From Living off the Land to Feeding the World

By Mary Gooderham

Raised in the wilderness of the Cariboo Chilcotin region of British Columbia, Ellen Melcosky learned to live off the land where her family and ancestors hunted, fished and gathered food.

Melcosky, a member of the Esketemc First Nation, learned to use what resources were available to her from across the territory. She has applied many of these teachings to her own business, Little Miss Chief Gourmet Products Inc., from sourcing the ingredients for her wild pacific smoked salmon to using the resources of the Canadian Trade Commissioner Service (TCS) to extend her company’s reach to the far corners of the world.

“All of my export sales have come to life through trade commissioners in different countries all over the globe,” says Melcosky, who lives in the Westbank First Nation on the shores of Okanagan Lake outside of Kelowna, where she is president and CEO of her home-based business.

Melcosky created Little Miss Chief in 1995 when she returned to the workplace after raising her three children. The company name and trademark came from a nickname she’d been given because of a headdress that she had hung over her desk when she worked in the Westlake First Nation offices.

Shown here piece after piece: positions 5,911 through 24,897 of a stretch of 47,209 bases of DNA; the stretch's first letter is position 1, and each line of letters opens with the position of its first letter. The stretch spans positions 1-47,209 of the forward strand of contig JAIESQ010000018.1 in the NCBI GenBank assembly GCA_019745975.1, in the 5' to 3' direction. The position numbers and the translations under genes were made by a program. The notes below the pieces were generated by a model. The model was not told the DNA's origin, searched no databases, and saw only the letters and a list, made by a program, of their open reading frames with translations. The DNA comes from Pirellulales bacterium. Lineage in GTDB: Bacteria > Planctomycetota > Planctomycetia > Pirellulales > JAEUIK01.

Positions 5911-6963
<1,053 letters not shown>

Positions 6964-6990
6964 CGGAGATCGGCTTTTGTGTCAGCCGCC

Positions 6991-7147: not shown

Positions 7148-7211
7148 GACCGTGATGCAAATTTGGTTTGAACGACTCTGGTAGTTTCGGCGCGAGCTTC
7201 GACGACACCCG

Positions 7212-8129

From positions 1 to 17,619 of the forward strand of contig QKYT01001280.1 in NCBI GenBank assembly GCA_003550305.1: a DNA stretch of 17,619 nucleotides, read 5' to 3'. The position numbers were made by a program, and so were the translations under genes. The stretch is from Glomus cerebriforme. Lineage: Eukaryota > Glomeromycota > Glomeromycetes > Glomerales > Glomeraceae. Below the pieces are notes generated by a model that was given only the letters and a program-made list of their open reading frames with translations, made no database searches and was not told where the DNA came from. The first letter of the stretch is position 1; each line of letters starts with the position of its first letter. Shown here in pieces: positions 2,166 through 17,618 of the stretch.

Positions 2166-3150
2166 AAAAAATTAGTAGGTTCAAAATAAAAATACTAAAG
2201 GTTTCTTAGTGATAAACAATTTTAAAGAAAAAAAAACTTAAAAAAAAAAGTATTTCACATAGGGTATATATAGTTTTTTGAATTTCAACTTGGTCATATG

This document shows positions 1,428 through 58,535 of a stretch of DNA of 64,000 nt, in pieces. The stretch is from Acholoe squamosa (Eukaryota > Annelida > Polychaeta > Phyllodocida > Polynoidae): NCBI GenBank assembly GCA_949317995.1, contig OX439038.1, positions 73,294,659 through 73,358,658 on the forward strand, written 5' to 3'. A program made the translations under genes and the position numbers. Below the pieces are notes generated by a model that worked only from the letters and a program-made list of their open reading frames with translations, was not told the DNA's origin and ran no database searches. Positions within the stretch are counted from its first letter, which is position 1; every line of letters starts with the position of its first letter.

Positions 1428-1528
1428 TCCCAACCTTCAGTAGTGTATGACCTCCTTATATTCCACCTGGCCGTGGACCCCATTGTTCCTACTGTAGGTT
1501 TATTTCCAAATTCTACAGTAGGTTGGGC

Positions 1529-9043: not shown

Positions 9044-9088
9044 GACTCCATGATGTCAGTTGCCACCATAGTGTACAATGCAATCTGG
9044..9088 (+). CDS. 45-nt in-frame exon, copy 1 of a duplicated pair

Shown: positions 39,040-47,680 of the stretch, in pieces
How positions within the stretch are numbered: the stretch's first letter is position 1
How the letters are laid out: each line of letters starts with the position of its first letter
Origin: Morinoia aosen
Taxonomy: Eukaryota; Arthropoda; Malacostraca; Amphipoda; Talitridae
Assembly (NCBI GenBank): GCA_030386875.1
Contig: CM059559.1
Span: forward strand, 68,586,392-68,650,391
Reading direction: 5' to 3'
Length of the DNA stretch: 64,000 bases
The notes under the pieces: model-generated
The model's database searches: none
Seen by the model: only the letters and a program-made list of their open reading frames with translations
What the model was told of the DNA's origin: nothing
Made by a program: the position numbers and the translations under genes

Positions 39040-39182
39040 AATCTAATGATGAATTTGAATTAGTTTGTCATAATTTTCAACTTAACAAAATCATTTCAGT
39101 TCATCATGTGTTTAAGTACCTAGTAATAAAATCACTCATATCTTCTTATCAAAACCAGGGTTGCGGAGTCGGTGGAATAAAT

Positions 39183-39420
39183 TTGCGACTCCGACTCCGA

Having had a mother who was “a true pioneer woman,” hunting, fishing and preserving berries and vegetables, Melcosky was inspired to base her specialty smoked salmon on a family brining and smoking recipe. She includes a secret ingredient, and marinates the sockeye and keta salmon in Okanagan wines, “as a marketing tool.”

Ellen Melcosky
Ellen Melcosky, owner of Little Miss Chief Gourmet Products Inc.

Unable to get a bank loan to start Little Miss Chief, Melcosky’s husband and some friends invested in the company so that she could do things like order packaging. Initially, Melcosky marinated and smoked the wild-caught pacific salmon herself in smokers she had set up in her back yard “to feed all the neighbours,” she says.